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Gender Queer: A Memoir
Published by: Lion Forge
Written by: Maia Kobabe
Illustrated by: Maia Kobabe
Colors by: Phoebe Kobabe
ISBN: 9781549304002
Ages: 13+


“Having a nonbinary or trans teacher in junior high would have meant the world to me.” – Maia Kobabe

After writing this column for nearly ten years, Gender Queer by Maia Kobabe is going down on my top ten favorite graphic novel list of all time! 

Centered on educating everyone (most especially parents, families, librarians, students and teachers, and even higher education professors) Kobabe explains gender and gender identity in the 21st century in both a uniquely personal and an extremely resourceful manner.

As an out lesbian who grew up during a different time than Kobabe and faced many similar discriminatory and/or uninformed people and their thoughts on how I expressed my gender identity both personally and professionally, I’ve struggled for years internalizing all of the names I’ve been called, employers who have discriminated against me, family who have asked me if I am “now going transgender because that’s the new fad,” strangers clearly talking about and pointing at me in public, and my most frequent experience: Being pushed out (sometimes gently and sometimes with aggressive force) of women’s restrooms all over the world. I guess most people think I don’t belong there. But I do belong there.  

In fact, Kobabe, myself, and every single person on this planet each deserve the same rights to live lives full of happiness and peace, and more importantly, on the respective terms we individually feel best express who we are both inside and outside.  

By tracing eir own childhood, teenage, college, grad school, and career experiences with gender identity, Kobabe presents a vulnerable and informative look at emself and society.  Sharing eir literary explorations on gender identity throughout eir life, Kobabe actually ends up generously offering eir readers a resource list focused on how to understand gender identity in the 21st century.

Note: Be sure to keep a notebook nearby as you read because Kobabe’s resources will inspire you to take notes as well.

Here’s a sneak peak of one of the most critical points Kobabe teaches readers of Gender Queer:  After literally spending eir childhood years and into eir adulthood self-reflecting and studying gender identity and how e fits within gender studies Kobabe explains why e has chosen the pronouns that e best identifies with: e, em, and eir. 

The most personal autobiography I’ve ever read, Kobabe gracefully and honestly tackles some of the toughest topics regarding gender and self-identity, giving educators a literary autobiography that will surely help every human being (both living now and for generations to come) better understand how gender identity and self-discovery are key to healing some of the angst and hurt that have come from countless years of misunderstandings. 

Elements of Story

Plot: Since childhood Maia Kobabe has thought about, reflected upon, and decided on which pronouns e prefers and would like to educate other’s about.

Major Characters: Maia, Maia’s mom, Maia’s dad, Phoebe, Rebecca, Brownen, Galen, Alexandra, David, Autumn, Toby, AJ, Fish, Rae, gynecologists, Ashley, Maia’s love interests, Melanie Gillman, Amila, Jaina Bee, Shari, Michael, Patricia Churchland, Josh, Faith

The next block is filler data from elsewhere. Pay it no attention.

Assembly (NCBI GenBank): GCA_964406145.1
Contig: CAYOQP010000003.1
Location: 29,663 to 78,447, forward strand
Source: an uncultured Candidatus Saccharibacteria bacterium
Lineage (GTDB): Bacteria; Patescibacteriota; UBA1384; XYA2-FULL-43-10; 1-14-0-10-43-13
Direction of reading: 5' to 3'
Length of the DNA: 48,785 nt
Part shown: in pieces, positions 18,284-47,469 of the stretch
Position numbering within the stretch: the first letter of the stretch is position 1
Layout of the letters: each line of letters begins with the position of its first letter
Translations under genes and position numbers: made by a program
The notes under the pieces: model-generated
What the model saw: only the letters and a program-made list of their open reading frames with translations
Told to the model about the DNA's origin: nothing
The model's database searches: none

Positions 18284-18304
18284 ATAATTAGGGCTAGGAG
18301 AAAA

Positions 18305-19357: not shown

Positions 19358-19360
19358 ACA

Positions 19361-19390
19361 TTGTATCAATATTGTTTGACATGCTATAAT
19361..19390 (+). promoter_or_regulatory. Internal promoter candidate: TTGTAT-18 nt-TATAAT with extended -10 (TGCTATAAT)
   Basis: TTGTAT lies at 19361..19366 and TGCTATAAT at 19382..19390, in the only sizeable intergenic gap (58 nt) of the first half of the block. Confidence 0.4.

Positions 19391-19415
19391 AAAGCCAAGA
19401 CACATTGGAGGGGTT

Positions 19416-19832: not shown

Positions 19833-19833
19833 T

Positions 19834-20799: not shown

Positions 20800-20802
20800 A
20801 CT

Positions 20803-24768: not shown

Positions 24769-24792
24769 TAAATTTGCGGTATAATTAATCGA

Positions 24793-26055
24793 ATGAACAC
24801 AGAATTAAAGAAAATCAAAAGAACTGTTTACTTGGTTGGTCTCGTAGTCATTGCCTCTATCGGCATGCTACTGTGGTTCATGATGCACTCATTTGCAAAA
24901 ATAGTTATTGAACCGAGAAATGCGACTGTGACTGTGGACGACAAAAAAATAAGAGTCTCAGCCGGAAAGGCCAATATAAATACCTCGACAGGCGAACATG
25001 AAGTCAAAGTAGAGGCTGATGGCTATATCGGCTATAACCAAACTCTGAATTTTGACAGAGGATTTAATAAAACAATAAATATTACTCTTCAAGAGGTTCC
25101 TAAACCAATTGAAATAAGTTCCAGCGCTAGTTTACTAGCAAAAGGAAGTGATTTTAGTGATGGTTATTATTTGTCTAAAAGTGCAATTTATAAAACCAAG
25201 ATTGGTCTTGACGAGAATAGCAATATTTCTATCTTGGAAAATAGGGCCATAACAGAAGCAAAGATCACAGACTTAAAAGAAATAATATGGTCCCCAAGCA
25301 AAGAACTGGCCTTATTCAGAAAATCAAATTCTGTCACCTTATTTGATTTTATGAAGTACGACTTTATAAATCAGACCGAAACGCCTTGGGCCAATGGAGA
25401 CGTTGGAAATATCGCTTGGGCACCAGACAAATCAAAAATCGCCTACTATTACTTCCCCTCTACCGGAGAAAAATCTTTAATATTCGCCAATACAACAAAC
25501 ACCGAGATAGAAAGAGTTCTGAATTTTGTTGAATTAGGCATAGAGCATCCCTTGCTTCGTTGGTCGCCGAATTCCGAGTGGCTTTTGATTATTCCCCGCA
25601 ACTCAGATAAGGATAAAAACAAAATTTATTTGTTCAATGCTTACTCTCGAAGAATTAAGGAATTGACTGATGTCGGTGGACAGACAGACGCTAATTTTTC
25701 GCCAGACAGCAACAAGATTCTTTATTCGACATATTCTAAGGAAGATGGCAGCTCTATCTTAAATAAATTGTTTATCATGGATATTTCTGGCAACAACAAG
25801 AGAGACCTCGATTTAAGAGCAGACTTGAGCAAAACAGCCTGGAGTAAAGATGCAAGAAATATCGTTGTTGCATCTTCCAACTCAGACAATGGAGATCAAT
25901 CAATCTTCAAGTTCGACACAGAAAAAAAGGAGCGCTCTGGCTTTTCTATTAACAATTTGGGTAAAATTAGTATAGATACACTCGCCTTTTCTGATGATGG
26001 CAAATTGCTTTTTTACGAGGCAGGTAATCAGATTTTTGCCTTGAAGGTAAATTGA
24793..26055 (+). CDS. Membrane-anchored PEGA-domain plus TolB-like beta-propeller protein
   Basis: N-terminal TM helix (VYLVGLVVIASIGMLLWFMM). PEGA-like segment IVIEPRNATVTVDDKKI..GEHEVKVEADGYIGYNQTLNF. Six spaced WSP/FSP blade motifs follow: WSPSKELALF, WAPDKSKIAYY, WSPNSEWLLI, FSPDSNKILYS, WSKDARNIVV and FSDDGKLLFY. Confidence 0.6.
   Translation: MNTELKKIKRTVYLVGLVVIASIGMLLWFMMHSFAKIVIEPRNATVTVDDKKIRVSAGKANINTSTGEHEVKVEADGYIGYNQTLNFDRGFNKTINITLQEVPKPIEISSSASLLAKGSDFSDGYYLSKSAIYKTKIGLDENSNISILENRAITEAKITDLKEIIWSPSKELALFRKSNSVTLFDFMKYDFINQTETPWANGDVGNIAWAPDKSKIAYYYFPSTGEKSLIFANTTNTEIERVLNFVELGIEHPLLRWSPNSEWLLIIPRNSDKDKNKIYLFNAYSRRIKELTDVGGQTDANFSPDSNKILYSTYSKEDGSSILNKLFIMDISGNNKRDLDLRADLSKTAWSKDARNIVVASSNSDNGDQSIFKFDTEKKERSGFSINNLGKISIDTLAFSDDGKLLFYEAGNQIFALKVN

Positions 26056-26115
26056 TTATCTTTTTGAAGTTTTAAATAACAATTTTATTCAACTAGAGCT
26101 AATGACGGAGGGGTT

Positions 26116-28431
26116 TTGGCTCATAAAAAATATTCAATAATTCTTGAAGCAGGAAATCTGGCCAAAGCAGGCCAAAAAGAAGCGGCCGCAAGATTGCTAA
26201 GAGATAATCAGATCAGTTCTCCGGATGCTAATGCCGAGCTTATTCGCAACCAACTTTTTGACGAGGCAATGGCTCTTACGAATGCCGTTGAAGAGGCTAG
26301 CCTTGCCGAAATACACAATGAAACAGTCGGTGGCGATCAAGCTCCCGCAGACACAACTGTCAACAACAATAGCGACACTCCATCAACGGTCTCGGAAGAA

Major Settings: California, San Francisco, home, school, college, library

Themes: Identity, Coming of Age, Transformation and Growth, Relationships, Education, Terminology 

Lesson Plan Recommendation Using the Common Core Standards (CCS) for Young Adults

Common Core Standard(s)

Analyze how complex characters (e.g., those with multiple or conflicting motivations) develop over the course of a text, interact with other characters, and advance the plot or develop the theme.

Directions for Lesson Plan

In order to analyze all of the complexities Kobabe experiences throughout eir life in Gender Queer, readers should keep track of the time periods e shares (first column), questions e struggles with during those times (second column), the resources and/or people who help eir answer eir questions about gender and self-identity (third column), Kobabe’s ultimate thoughts on how those questions and the people and/or resources have or have not helped eir answer them (fourth column), and, finally, what readers have learned from reading about Kobabe’s experiences (fifth column).

Time Period Maia’s Questions Maia’s Resources/People  What Readers Have Learned from Maia’s Experiences: From Eir Questions, Eir Resources & People, and Eir Ultimate Thoughts
Childhood & Young Adult














Grad School







Adulthood & Career 









Under the Moon: A Catwoman Tale
Published by: DC Comics
Written by: Lauren Myracle
Illustrated by: Isaac Goodhart
ISBN: 9781401285913
Ages: 13+


“I will be stealthy, like a cat. I will be fierce like a cat. And, like a cat, I will not fear the dark.” –  Selina

As the Gotham Growler terrorizes citizens, a middle school-aged Selina Kyle battles some of her own, more personal problems at home. After years of her mothers’ monthly boyfriends shuffling in and out of their home, Selina has almost given up hope on her mother’s decision-making skills. Although all the other men seem to come and go on a regularly basis, however, one day a guy named Dernell shows up and Selina’s mother (Gayle) gives him total control over the house. Including control over Selina.